Underwater Look With Curve & Hue Based Depth Treatment

When looking at underwater footage, you may have noticed that the deeper we dive, the more all the objects and surfaces get more of a blue-ish tint.
This does not only happen in vertical depth but also horizontally. The more an object is away from you, the more it seems to lose its original color.
We can see that different colors seem to disappear at different levels of depth though.

Light is not just one simple color. It is composed of a spectrum of colors with different wavelengths.

Due to the nature of those wavelengths, they react differently when bouncing around volumes like air or in this case water.

Red light is the first to diminish at a short distance due to its characteristics of being a relatively long wavelength. After that the wavelengths of orange, yellow and green get absorbed by the molecules and particles within the water. Blue, due to its very short wavelength, manages to make its way through for quite a bit longer. So you can already see why the last of an object you can make out underwater is blue-ish.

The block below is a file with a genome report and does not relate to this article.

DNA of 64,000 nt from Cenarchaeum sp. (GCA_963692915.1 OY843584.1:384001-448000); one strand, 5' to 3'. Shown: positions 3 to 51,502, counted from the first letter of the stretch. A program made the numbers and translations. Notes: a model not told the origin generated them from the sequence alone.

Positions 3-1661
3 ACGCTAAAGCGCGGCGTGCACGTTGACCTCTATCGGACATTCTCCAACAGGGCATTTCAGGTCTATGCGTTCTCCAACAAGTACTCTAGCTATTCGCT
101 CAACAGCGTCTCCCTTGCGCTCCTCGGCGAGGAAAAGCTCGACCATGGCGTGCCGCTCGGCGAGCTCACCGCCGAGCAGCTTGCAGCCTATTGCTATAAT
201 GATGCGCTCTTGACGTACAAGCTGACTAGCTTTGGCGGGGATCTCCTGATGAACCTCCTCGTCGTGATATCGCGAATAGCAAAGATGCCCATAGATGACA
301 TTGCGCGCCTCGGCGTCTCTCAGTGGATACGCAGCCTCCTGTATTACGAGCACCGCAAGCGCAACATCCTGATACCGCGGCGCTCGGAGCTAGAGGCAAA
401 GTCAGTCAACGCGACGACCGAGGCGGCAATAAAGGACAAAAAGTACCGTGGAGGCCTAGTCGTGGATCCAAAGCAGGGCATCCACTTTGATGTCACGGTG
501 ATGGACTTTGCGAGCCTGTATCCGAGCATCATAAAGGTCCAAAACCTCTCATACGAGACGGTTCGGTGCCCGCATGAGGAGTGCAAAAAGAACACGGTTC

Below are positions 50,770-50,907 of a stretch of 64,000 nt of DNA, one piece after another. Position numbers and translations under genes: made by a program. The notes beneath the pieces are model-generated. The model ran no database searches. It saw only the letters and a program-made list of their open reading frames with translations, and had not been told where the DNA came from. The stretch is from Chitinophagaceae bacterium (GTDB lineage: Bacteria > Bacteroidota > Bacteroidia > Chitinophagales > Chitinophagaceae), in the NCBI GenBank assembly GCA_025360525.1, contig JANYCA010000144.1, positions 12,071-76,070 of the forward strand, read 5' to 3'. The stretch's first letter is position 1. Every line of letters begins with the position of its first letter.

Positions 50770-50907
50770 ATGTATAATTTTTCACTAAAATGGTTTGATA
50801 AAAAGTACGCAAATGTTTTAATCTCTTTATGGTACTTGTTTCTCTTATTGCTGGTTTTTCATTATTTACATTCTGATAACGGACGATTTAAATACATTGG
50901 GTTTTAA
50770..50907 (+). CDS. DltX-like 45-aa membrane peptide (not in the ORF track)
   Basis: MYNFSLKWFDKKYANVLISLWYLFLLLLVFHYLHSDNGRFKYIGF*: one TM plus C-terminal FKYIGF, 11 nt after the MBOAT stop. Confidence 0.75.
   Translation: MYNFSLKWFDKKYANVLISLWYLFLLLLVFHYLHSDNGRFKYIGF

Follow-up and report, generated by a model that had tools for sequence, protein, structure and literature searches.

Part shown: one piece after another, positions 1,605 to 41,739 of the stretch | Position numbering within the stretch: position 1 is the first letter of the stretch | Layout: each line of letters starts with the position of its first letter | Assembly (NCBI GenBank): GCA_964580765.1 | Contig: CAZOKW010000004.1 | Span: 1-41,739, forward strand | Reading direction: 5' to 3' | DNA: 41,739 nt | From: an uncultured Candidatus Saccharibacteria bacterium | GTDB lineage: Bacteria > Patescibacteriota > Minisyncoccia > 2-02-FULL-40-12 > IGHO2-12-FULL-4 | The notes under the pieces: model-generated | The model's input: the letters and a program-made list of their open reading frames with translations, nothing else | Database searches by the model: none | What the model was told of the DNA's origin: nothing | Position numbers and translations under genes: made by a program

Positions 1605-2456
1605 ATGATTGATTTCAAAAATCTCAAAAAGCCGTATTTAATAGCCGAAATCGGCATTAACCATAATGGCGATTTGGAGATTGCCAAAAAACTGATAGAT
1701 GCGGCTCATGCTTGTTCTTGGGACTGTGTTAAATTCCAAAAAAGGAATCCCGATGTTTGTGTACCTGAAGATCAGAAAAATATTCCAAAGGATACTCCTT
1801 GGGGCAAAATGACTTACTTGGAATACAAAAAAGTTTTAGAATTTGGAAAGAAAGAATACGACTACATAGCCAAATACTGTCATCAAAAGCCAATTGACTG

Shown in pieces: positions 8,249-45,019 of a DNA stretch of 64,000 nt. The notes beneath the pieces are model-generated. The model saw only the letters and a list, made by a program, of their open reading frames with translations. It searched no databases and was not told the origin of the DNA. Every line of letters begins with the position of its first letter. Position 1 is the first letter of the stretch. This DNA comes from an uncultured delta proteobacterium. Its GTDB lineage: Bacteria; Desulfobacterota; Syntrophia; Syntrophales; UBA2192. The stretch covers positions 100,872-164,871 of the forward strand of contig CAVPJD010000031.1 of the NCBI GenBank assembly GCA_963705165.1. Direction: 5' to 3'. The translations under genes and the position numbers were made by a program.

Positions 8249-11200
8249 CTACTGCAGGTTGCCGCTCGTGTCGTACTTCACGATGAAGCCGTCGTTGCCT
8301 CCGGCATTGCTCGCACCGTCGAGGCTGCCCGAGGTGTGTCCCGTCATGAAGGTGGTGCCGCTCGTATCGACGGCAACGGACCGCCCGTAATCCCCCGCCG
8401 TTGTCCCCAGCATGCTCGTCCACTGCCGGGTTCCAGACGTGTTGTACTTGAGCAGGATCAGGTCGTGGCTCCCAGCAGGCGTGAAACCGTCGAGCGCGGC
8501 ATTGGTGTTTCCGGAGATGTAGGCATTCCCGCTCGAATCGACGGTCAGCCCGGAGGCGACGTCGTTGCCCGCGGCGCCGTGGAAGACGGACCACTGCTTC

Now how can we mimic that behavior and maintain a flexible control over the different colors based on distance? Conventional compositing methods will not help us to achieve this look.

Using a Grade node driven by a normalized depth pass as a mask gives us complete control of the values at maximum depth – but we can’t really define or change the values in between the endpoints.
We can also not mimic the selective loss of color at certain levels of depth.

Now how can we imitate that behavior and maintain flexible control over the different colors based on distance?
First of all, we can make use of our 3 color channels: Red, Green and Blue. Then we need to break the linear restriction a normalized mask input gives us. Rather than working with a straight line, we want to define a curve for each of those channels.
I’ll show you a way of having much more control. The tool that makes this possible is the ColorLookup node.

Option 1: ColorLookup Node

The node uses a lookup table to change input or source values to output or target values.